A Dáil committee has defended a 10-week recess, until the end of September, as the time is needed to allow almost €700,000 in “urgent” refurbishments of Leinster House.
During a media briefing yesterday, the Oireachtas business committee confirmed the length of the summer break and the public cost involved.
Under plans agreed by all parties, parliament is due to shut from July 21 until September 27.
The summer recess, two weeks longer than expected, led to criticism inside and outside Leinster House when it was first suggested in May.
Addressing the issue yesterday, business committee chairman and Dáil ceann comhairle Seán Ó Fearghaíl said the length of the break was needed to allow for long-overdue infrastructure improvements in the parliament chamber and separate updates, conducted by the Office of Public Works, on other parts of Leinster House.
He said there will be improvements to the sound system, voting display system, display monitors, and linked cabling, with the total cost amounting to €690,000.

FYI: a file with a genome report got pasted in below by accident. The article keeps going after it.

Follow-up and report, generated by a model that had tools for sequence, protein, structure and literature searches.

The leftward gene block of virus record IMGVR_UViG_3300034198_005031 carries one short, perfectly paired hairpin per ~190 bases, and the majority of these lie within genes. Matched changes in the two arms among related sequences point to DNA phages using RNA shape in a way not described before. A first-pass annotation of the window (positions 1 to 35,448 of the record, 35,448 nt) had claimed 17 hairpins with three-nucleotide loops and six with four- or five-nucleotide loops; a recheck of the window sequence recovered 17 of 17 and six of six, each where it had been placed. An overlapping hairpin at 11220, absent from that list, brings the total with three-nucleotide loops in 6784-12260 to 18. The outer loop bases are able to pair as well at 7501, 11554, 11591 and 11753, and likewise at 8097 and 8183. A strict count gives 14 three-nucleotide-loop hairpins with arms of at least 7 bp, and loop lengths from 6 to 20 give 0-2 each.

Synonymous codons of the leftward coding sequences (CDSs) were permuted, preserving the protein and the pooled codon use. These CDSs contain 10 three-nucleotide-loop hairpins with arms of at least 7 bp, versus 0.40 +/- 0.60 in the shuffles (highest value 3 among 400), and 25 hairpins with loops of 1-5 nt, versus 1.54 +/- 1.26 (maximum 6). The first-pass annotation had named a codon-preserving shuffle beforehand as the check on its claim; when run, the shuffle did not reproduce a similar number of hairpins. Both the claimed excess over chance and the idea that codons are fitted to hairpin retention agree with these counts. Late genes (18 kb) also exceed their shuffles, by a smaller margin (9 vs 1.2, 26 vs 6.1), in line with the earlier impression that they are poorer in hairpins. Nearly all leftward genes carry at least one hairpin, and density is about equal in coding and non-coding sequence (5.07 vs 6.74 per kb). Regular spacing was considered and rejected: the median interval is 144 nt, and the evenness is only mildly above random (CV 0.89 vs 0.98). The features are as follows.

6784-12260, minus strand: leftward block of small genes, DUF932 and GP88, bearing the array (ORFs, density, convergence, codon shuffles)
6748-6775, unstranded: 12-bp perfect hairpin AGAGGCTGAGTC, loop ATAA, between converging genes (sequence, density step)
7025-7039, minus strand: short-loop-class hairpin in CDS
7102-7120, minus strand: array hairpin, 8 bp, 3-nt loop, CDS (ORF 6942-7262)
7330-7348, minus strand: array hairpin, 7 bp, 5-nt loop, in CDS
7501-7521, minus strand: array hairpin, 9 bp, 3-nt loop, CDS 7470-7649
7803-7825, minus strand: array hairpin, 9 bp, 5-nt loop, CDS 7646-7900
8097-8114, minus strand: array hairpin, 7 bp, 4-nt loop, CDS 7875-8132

The cost is due to come from the existing Oireachtas budget and will not cost the taxpayer any additional money.
While an exact cost breakdown has not been provided for each improvement, one official noted the changes must take place immediately as some technology was up to 25 years old and was put in place “when Bryan Adams was topping the charts singing ‘(Everything I Do) I Do It for You’”.
Asked what will happen if the refurbishments are not completed by the time the Dáil is due to return, Mr Ó Fearghaíl said while the refurbishment is not “just fiddling with the gadgets”, it will be completed on time.
“We will be back here on September 27 even if we have to have candles and megaphones,” he said.
He noted that while the Dáil will not be sitting over the next 10 weeks, some committees will return from September 3. TDs and senators will also be required to attend a nearby Brexit symposium later that month.
Any likely plan to temporarily relocate the Dáil so it could continue to sit without a break, due to the lengthy delay in forming a government, was rejected earlier this summer.
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